Praise YHVH, my soul; all my being, praise His holy Name! Praise YHVH, my soul, and do not forget all His kindness.

As the heavens are high above the earth, so great is His love for those fearing Him; as far as the east is from the west, so far does He remove from us our sins.

YHVH has set His throne in heaven; He rules; He has power everywhere. Praise YHVH, all you His Angels, you mighty ones who do His bidding.

Sunday, 16 May 2021 : Seventh Sunday of Easter, World Communications Sunday (First Reading)

Liturgical Colour : White

Acts 1 : 15-17, 20a, 20c-26

It was during this time that Peter stood up in the midst of the community – about one hundred and twenty in all – and he said, “Brothers, it was necessary that the Scriptures referring to Judas be fulfilled. The Holy Spirit had spoken through David about the one who would lead the crowd coming to arrest Jesus. He was one of our number and had been called to share our common ministry.”

“In the Book of Psalms it is written : ‘May another take his office.’ Therefore, we must choose someone from among those who were with us during all the time that the Lord Jesus moved about with us, beginning with John’s baptism until the day when Jesus was taken away from us. One of these has to become, with us, a witness to His resurrection.”

Then they proposed two : Joseph, called Barsabbas, also known as Justus, and Matthias. They prayed : “You know, Lord, what is in the hearts of all. Show us, therefore, which of the two You have chosen to replace Judas in this Apostolic ministry which he deserted to go to the place he deserved.”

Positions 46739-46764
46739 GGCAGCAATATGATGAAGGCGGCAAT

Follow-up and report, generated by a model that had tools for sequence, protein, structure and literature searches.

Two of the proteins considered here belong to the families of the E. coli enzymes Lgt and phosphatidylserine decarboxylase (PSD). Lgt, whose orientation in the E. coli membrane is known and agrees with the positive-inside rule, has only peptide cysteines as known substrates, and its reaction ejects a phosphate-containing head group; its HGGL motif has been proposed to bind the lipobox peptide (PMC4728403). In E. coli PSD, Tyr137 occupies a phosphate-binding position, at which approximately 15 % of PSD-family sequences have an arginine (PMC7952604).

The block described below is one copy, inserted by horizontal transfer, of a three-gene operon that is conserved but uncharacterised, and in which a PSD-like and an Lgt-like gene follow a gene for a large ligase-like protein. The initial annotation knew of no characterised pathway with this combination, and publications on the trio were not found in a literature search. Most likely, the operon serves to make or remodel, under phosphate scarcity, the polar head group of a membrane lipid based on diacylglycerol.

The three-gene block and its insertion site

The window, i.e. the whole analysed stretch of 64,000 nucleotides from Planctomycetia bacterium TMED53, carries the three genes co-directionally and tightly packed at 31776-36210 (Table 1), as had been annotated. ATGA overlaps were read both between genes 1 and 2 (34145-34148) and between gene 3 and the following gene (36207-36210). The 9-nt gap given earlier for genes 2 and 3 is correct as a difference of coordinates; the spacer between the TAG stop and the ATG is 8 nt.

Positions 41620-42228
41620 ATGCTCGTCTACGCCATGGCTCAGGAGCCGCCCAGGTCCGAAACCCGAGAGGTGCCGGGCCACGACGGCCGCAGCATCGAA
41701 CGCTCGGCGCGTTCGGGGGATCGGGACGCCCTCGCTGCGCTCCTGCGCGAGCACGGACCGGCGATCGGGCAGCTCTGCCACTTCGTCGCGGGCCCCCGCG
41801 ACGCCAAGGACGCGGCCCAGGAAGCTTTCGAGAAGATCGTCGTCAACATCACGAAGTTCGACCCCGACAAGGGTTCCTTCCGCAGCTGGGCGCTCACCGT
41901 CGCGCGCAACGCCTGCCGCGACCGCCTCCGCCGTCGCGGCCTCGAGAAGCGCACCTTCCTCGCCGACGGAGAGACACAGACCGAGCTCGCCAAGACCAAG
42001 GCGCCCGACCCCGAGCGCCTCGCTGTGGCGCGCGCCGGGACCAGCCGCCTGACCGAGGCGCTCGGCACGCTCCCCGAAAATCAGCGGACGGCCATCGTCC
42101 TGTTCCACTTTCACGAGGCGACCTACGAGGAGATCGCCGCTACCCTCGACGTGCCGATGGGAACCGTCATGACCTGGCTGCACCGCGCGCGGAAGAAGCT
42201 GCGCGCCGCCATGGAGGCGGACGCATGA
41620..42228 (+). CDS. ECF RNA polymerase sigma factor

Then they drew lots between the two and the choice fell on Matthias who was added to the eleven Apostles.

Sunday, 9 May 2021 : Sixth Sunday of Easter (Homily and Scripture Reflections)

Liturgical Colour : White

Dear brothers and sisters in Christ, on this Sunday, the Sixth Sunday of Easter, all of us are called to remember the generous and most wonderful love by which God has loved us, throughout all these time, and then of our obligation as Christians, as the people whom God has called and chosen, loved and blessed, to be the bearers of this same love in our own lives, to be His witnesses and His disciples in our world today, showing His truth and love through our own actions, deeds and interactions in our lives.

In our Scripture readings today, we are all constantly reminded of God’s love that is ever present all around us, and that God Himself is Love. And as God is our Lord and Master, then we should also follow in His examples and do as He Himself has done and follow in whatever He has shown us and taught us to do, to be loving in all of our actions and interactions, to be sincere and committed in love towards one another, just as we have also loved Him and how He loved us first before all else.

In our first reading, we heard from the Acts of the Apostles the account of St. Peter and his visit to the family of a Roman centurion and citizen, Cornelius, who was willing to listen to him and the truth about the Lord Jesus Christ, and hearing that St. Peter was there, Cornelius invited St. Peter to his household to speak about the Lord and His salvation. Before this visit, St. Peter had been hesitant as he was about to enter into the house of a Gentile or non-Jew, which in the old Jewish custom, was considered as some sort of taboo as doing so would make them unclean.

That was also why the Jewish elders and chief priests did not enter into the Praetorium at the time when the Lord was condemned to death in Jerusalem, as doing so would have rendered them unclean, a fact stated clearly in the Gospel accounts on the Passion of the Lord, and they remained outside to keep themselves clean for the celebration of the Passover. In the same manner therefore, St. Peter initially was hesitant in responding to Cornelius’ invitation, but God then showed him a vision, of a great sheet lowered down from Heaven, with all sorts of beasts and animals considered unclean by the old Jewish laws and customs.